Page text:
Decline in traditional fee-for-service health plans in 1990s

March 19, 2002

Participation in traditional fee-for-service health care plans decreased from 66 percent of full-time employees with health care coverage in 1991 to 26 percent in 1997.

Percent of full-time medical care participants by plan type, medium and large private establishments, selected years, 1991-97
[Chart data—TXT]

In contrast, participation in preferred provider organizations (PPOs) rose from 16 percent in 1991 to 40 percent in 1997. Participants in PPOs can choose any health care provider, but they receive higher benefits for services rendered by designated providers.

In 1991, 17 percent of participants in health care plans were enrolled in health maintenance organizations. This proportion increased to 33 percent in 1997. Typically, HMOs are independent organizations that finance and administer health care services; these plans require the participant to seek care only from specific care providers.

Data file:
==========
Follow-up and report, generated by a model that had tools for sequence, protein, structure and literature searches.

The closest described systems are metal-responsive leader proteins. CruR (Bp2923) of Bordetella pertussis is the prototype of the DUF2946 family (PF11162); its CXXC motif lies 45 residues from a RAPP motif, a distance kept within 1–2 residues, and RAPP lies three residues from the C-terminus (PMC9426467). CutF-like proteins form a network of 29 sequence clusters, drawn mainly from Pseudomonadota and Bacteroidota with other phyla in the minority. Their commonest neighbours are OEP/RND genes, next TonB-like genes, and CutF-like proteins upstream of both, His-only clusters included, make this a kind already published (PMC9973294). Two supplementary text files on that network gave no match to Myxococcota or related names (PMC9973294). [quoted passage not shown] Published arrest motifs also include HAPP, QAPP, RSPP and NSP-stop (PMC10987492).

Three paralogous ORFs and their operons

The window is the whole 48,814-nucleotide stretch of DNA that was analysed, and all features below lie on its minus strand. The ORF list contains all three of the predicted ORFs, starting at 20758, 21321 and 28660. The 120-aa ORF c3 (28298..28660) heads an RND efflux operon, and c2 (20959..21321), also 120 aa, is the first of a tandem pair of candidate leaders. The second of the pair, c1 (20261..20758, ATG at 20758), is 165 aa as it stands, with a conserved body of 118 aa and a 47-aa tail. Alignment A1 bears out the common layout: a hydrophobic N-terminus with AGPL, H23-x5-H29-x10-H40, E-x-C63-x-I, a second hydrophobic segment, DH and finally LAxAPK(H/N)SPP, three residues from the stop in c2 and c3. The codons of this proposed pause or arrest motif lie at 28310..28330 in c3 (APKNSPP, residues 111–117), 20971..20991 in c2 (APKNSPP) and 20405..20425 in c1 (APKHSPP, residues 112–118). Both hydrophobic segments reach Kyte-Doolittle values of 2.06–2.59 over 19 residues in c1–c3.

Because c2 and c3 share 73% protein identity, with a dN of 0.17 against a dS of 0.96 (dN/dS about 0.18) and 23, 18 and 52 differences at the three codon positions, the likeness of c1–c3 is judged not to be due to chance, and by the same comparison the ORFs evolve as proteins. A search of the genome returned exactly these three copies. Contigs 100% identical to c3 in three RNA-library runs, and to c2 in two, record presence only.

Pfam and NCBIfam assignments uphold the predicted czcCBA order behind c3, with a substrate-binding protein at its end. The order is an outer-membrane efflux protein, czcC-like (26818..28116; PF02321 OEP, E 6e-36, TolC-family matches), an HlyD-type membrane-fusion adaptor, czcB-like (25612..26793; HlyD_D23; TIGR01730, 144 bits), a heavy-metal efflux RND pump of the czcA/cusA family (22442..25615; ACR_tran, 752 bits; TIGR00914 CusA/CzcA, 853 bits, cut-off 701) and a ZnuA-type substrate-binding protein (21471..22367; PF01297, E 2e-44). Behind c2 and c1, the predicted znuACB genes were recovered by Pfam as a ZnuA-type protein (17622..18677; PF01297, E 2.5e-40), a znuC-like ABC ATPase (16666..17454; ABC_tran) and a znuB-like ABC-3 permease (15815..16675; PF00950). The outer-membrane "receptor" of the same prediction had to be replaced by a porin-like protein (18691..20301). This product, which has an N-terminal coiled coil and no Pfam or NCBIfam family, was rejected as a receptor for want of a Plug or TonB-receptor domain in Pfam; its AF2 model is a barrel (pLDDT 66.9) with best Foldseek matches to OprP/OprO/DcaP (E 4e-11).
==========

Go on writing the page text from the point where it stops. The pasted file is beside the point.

These data are from the Employee Benefits Survey. Data in this article are for full-time employees with medical care coverage in medium and large private establishments. For more information, see "Managed Care Plans and Managed Care Features: Data from the EBS to the NCS" (PDF 55K), by Cathy A. Baker and Iris S. Diaz, Compensation and Working Conditions, Spring 2001.


Bureau of Labor Statistics, U.S. Department of Labor, The Economics Daily, Decline in traditional fee-for-service health plans in 1990s on the Internet at (visited September 25, 2016).


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